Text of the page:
Further, India has also been trying to develop (and negotiate) an auto-trigger mechanism that would allow it to raise tariffs on products in instances where a basket of imports from a given nation crosses a certain threshold. This was not accepted by many RCEP members at the time.
What all of this does is make India dependent on signing more FTAs bilaterally, which takes time, and many countries (say, the US) are less keen on more advanced FTAs.
Still, a key question is, how can India focus more on improving its poor performance in trade competitiveness levels?
Enabling competitiveness for Indian products and services across regional and international markets would require a set of both ‘market’ and ‘extra-market’ arrangements.
‘Market-centric’ steps would require a set of liberalising measures with incentives for cross-border trade and reforms in factor markets (land, labour in particular), which allow enterprises to increase production for export. Simultaneously, ‘extra-market arrangements’ shall require fiscal and other targeted socio-legal interventions to make the very outlook of Indian businesses – including those entering new markets – more globally aligned.
Weak Rupee Meets Low Domestic Manufacturing
It must be mentioned though that there is little possibility of India experiencing a dynamic, more rapid, export-oriented pattern of industrialisation, as seen in East Asian economies like South Korea and Taiwan around the 1970s and 1980s.
However, there is still a critical need and economic case for the government to continue its focus on stronger manufacturing capacity for trade, which accrues positive returns on domestic employment creation while also attracting foreign direct investment into manufacturing.
The auto industry in India, because of the way it grew since the pro-market sectoral focus in the 1990s, is a case in point in this regard.
Why India Must Strengthen the Rupee
Further, for greater trade competitiveness, a strong manufacturing capacity requires a competitive Indian Rupee. In comparison to China, over the last decade, we can observe how India’s exchange rate has appreciated over time (primarily due to the influx of foreign capital mobility), while China has managed to maintain an undervalued Renminbi to make its currency (and its products) cheaper and more competitive in export markets.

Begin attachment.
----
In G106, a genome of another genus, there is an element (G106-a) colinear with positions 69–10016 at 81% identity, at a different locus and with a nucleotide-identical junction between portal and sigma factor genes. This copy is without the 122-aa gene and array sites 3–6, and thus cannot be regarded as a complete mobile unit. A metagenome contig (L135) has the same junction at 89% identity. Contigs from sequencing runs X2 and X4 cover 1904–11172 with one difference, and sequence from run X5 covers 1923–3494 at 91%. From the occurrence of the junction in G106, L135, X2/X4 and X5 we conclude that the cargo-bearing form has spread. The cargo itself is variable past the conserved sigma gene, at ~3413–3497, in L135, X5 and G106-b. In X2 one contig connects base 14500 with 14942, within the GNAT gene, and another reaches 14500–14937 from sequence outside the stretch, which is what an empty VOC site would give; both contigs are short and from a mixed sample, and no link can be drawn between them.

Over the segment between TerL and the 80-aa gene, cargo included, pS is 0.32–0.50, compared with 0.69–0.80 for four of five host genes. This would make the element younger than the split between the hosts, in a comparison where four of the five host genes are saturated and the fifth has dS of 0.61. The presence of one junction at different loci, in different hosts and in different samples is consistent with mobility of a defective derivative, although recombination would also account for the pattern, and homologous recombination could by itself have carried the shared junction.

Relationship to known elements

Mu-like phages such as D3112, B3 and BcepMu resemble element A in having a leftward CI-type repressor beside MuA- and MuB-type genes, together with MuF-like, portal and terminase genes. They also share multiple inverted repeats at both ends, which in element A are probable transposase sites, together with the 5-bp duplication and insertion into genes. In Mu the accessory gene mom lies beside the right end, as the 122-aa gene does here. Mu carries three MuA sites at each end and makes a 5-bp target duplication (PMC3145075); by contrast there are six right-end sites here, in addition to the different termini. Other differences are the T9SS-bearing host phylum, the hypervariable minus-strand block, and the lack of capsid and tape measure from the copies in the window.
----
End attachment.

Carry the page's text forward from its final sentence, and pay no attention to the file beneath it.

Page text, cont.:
While the underlying factors affecting the volatility of exchange rates may differ from one country to another, it is possible for India to strategically manage exchange rates and keep them in alignment with the country’s production patterns, as seen in the case of China and other countries too.
Going forward, it will be vital for both the Indian government and the Reserve Bank of India (RBI) to ensure a more favourable INR-USD exchange rate.
Without a competitive Indian Rupee and a strong manufacturing sector (enabled through structural reforms guided by market principles), it is likely that India’s performance in exports and overall current account position may only weaken in the years ahead.
And this will only make its own economic vision for foreign policy more exclusionary in nature by being sceptical towards critical regional trade partnerships. Whether it was Nehru in the 1950s or Modi now, a combination of all these factors makes the goal of actualising economic ‘aatmanirbharta’ seem illusory.
(Deepanshu Mohan is Associate Professor and Director, Centre for New Economics Studies, Jindal School of Liberal Arts and Humanities, OP Jindal Global University. He is Visiting Professor of Economics to Department of Economics, Carleton University, Ottawa, Canada. Ashika Thomas is Research Analyst with Centre for New Economics Studies, Jindal School of Liberal Arts and Humanities, OP Jindal Global University. This is an Opinion article and the views expressed are the author's own. The Quint neither endorses nor is responsible for them.)